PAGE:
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A sneak peek at the new Harrow Arts Centre

In a borough which has always enjoyed an incredible sense of community, Harrow Arts Centre in Hatch End has been a hub for Harrovians to come together and to enjoy local and national talent since 1988.  

Built on the site of an old school, the current arts centre complex is focused on the wonderful Elliott Hall, a Grade II listed auditorium with capacity for over 500 people. Hosting events from community groups to theatre and music, the Harrow Arts Centre is an integral part of our community – and it’s about to get even better!

Injecting new life into our borough

After securing redevelopment funding in 2019, Harrow Council has embarked on a number of regeneration projects within the borough (you may already have seen the recent work in Wealdstone) which aims to bring new life to the area.  As part of the redevelopment program, Harrow Council has appointed Chris Dyson architects to create a new section of the Harrow Arts Centre.  The celebrated firm, based in Spitalfields, won the bid for the project last year and, has recently released an image showing the plans for the new building.

A sneak peek at the new Harrow Arts Centre Harrow Online

(photograph – Chris Dyson Photography)

The new, L-shaped building will provide much needed classrooms and workshops for Harrow Arts Centre and will be highly energy efficient.  According to Harrow Council, the building will take advantage of energy saving practices including solar heating and rainwater harvesting, which is great news for Harrow – and our planet!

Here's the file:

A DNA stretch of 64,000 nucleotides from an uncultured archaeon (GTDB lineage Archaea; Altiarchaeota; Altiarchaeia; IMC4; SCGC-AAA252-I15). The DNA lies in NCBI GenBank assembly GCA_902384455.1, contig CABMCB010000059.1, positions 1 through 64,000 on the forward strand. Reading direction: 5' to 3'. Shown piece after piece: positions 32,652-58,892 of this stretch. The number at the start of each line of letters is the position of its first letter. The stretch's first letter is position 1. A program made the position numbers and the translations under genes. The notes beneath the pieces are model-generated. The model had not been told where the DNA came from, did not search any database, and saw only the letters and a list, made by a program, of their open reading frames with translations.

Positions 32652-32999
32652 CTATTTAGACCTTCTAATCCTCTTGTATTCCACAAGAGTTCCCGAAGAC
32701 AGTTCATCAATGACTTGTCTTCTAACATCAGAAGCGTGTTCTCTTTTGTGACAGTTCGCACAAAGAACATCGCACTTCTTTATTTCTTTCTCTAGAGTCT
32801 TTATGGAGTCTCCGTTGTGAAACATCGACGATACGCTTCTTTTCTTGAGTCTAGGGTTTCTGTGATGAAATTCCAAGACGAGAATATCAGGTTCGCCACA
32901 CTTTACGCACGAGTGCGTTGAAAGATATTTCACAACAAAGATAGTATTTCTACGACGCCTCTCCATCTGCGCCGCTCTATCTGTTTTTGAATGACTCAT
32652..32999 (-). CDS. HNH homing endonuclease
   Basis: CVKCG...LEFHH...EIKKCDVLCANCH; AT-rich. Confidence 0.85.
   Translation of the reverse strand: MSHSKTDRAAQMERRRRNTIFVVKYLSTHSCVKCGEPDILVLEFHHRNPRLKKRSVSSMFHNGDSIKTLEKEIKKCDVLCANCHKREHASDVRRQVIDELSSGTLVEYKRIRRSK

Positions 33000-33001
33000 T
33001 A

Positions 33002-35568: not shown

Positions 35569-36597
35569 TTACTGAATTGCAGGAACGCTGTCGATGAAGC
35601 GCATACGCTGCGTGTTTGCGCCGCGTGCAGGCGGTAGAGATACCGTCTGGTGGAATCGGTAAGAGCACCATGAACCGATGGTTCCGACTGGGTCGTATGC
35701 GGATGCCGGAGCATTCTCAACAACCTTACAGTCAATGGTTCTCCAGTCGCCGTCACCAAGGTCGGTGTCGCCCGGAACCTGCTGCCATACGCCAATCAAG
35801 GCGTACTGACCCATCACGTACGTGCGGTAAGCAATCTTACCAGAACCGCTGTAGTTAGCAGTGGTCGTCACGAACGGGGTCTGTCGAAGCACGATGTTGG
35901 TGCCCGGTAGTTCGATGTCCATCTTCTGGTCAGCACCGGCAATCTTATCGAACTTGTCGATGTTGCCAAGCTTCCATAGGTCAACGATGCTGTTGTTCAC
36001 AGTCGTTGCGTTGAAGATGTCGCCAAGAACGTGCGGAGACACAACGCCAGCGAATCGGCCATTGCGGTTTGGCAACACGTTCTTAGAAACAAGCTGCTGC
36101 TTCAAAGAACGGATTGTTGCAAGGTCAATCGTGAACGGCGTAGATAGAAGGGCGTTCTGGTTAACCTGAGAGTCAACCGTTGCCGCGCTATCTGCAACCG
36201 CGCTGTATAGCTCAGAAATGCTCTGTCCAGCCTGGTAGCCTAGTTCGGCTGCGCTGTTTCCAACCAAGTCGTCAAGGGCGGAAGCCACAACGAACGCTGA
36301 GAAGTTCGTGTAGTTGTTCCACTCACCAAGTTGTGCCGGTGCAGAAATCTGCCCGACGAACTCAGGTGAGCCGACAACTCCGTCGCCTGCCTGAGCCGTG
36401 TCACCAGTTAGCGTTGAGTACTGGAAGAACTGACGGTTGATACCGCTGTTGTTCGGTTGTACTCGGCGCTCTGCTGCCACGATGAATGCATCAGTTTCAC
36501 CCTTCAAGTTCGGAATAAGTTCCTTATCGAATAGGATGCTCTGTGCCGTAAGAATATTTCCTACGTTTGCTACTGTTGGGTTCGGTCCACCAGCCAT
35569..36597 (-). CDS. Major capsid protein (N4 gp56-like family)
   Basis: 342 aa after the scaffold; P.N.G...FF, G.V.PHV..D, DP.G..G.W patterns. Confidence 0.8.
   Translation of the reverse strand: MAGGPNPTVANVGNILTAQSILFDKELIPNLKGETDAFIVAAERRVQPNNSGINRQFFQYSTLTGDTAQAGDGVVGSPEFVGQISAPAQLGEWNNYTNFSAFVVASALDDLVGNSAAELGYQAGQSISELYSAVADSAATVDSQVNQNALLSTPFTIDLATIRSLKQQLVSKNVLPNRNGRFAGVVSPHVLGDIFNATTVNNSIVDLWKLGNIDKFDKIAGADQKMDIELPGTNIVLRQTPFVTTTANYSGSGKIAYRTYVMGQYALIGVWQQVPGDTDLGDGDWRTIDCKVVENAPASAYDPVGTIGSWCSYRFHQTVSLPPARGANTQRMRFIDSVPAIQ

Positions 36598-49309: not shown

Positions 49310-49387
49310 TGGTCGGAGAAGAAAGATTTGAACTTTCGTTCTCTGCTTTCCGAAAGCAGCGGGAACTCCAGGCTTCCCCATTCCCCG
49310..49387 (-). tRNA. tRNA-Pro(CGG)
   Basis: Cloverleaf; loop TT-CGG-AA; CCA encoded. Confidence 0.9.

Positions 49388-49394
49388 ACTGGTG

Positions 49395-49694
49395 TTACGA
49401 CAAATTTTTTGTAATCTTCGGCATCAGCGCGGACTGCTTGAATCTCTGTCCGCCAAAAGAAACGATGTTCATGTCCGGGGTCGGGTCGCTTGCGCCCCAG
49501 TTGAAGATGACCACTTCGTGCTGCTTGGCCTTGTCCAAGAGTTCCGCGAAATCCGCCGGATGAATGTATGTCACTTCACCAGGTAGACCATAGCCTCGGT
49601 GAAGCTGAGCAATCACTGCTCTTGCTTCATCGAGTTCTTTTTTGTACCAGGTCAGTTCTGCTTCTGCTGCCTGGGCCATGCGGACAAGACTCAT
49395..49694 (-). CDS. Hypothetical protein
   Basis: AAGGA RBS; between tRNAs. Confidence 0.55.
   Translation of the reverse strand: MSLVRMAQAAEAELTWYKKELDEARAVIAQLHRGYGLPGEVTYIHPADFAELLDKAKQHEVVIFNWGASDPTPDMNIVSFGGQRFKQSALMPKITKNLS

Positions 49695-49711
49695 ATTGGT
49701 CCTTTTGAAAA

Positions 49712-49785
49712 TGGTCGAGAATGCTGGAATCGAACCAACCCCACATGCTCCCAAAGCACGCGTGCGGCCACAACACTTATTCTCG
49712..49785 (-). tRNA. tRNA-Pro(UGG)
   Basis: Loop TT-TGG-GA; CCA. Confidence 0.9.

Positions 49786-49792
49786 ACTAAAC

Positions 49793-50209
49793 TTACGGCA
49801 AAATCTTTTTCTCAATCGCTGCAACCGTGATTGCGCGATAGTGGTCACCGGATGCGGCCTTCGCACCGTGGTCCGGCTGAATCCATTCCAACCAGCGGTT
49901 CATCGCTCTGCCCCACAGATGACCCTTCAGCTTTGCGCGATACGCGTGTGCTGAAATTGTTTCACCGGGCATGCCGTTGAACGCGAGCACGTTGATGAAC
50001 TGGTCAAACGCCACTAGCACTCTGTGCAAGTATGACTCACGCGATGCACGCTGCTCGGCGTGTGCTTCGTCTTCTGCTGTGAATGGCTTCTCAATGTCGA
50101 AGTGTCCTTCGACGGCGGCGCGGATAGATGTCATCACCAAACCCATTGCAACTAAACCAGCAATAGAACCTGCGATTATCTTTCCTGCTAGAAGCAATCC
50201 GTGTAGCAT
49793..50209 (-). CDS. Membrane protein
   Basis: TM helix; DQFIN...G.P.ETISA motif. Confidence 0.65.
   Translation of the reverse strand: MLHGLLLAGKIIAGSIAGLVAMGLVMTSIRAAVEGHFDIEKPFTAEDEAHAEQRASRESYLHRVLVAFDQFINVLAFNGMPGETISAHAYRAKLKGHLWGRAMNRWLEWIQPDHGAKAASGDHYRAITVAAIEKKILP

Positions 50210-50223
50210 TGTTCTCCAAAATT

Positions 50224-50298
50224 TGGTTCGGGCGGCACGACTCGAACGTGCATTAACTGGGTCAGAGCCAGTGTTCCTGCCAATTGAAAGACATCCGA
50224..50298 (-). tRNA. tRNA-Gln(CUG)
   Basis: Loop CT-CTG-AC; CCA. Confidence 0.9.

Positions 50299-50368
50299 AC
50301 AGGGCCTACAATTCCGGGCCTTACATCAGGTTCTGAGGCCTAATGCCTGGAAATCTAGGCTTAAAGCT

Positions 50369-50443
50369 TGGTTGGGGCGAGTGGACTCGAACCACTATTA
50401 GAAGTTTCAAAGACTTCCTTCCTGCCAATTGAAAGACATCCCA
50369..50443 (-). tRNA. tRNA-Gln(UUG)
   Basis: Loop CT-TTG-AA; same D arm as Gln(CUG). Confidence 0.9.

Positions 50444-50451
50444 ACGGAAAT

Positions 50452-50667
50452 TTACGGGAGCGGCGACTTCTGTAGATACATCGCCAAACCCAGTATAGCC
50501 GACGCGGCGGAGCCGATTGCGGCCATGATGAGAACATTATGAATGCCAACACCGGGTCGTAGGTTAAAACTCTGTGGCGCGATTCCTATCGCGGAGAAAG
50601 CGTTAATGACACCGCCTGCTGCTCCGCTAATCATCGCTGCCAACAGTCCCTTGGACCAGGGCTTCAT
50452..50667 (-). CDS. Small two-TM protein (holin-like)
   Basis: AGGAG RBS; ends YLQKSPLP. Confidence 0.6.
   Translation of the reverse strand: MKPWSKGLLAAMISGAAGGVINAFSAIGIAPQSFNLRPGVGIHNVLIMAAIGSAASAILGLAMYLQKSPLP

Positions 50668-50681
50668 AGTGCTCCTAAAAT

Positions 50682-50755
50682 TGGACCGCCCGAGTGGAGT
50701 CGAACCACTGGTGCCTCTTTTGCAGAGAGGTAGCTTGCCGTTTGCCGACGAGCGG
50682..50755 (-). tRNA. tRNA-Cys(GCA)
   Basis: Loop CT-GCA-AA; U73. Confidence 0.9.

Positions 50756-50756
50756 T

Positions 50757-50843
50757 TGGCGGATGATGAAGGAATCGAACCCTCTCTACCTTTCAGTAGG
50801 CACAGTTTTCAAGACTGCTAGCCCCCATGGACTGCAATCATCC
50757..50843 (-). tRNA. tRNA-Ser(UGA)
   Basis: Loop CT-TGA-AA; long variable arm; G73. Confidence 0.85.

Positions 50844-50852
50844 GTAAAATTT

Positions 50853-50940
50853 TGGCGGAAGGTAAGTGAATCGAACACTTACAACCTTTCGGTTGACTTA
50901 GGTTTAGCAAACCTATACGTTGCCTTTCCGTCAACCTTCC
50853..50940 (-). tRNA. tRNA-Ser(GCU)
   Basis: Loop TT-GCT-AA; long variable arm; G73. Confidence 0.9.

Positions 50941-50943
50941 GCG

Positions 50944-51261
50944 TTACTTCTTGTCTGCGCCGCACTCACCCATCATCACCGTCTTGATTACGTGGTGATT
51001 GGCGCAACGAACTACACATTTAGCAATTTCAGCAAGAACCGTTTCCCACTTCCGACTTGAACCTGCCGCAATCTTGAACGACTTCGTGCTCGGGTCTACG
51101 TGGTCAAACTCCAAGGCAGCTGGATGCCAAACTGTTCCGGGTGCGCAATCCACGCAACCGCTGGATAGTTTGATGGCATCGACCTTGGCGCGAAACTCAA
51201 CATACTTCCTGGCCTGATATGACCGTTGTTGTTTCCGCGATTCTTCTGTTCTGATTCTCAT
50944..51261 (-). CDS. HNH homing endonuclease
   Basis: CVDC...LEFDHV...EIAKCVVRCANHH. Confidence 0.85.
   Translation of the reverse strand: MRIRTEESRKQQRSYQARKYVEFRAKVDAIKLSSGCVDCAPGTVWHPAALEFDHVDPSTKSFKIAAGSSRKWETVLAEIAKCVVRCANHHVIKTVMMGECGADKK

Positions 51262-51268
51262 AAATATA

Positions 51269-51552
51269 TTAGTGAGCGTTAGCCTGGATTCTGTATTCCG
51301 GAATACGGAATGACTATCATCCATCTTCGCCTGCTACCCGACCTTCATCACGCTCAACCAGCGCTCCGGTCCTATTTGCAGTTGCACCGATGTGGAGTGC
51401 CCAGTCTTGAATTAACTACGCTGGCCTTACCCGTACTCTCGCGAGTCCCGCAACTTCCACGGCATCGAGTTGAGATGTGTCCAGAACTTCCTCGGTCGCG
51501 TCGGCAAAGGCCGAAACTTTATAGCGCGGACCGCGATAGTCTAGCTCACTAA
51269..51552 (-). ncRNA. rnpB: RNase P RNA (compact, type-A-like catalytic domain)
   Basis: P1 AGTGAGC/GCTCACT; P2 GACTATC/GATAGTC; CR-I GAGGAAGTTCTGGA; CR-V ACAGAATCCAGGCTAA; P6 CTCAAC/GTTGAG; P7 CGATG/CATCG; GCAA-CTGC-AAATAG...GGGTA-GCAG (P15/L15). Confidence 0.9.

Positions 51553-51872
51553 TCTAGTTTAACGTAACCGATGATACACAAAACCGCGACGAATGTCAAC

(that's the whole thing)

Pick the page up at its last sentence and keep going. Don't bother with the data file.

From the East End to Hatch End

A spokesperson for Chris Dyson architects says that the inspiration for the new design concept has been taken directly from the history of the area and, has been influenced by early farm buildings within Hatch End and Pinner. The firm is committed to making sure that the new building reflects Harrow’s unique and cultural image within a modern, energy efficient structure.  

Founder, Chris Dyson, says, ‘Our aspiration is to design a new building with its own identity, responding to a specific programme while also sensitively complementing neighbouring heritage structures.  Our intention is to create clear, legible and direct relationships with all external spaces.’

Considering that, until very recently, Harrow Arts Centre was facing a very uncertain future, there is hope that the new section will not only provide more space for local groups and businesses but will help to encourage Harrow youngsters to get involved with local events.  

In addition to entertainment, classes and workshops, the Harrow Arts Centre offers the Arts Award – a nationally recognised qualification which aims to encourage young people’s development as artists and arts leaders.  Children and young people aged between 5 and 25 are able to develop wider cultural skills, celebrate the arts and gain a qualification up to the Silver Award level at Harrow Arts Centre.

Starting 2020 with a bang

While we wait for the new section to be unveiled, there’s plenty going on at Harrow Arts Centre in the meantime.  Events for January include Milton Jones in Milton: Impossible, Deepak Pandit Live In Concert, Holocaust Memorial Day and, Bring Your Own Baby Comedy.

For more information about Harrow Arts Centre, visit: https://harrowarts.com/about-hac

By Nicci Rae

(Featured Image: Artuk.org)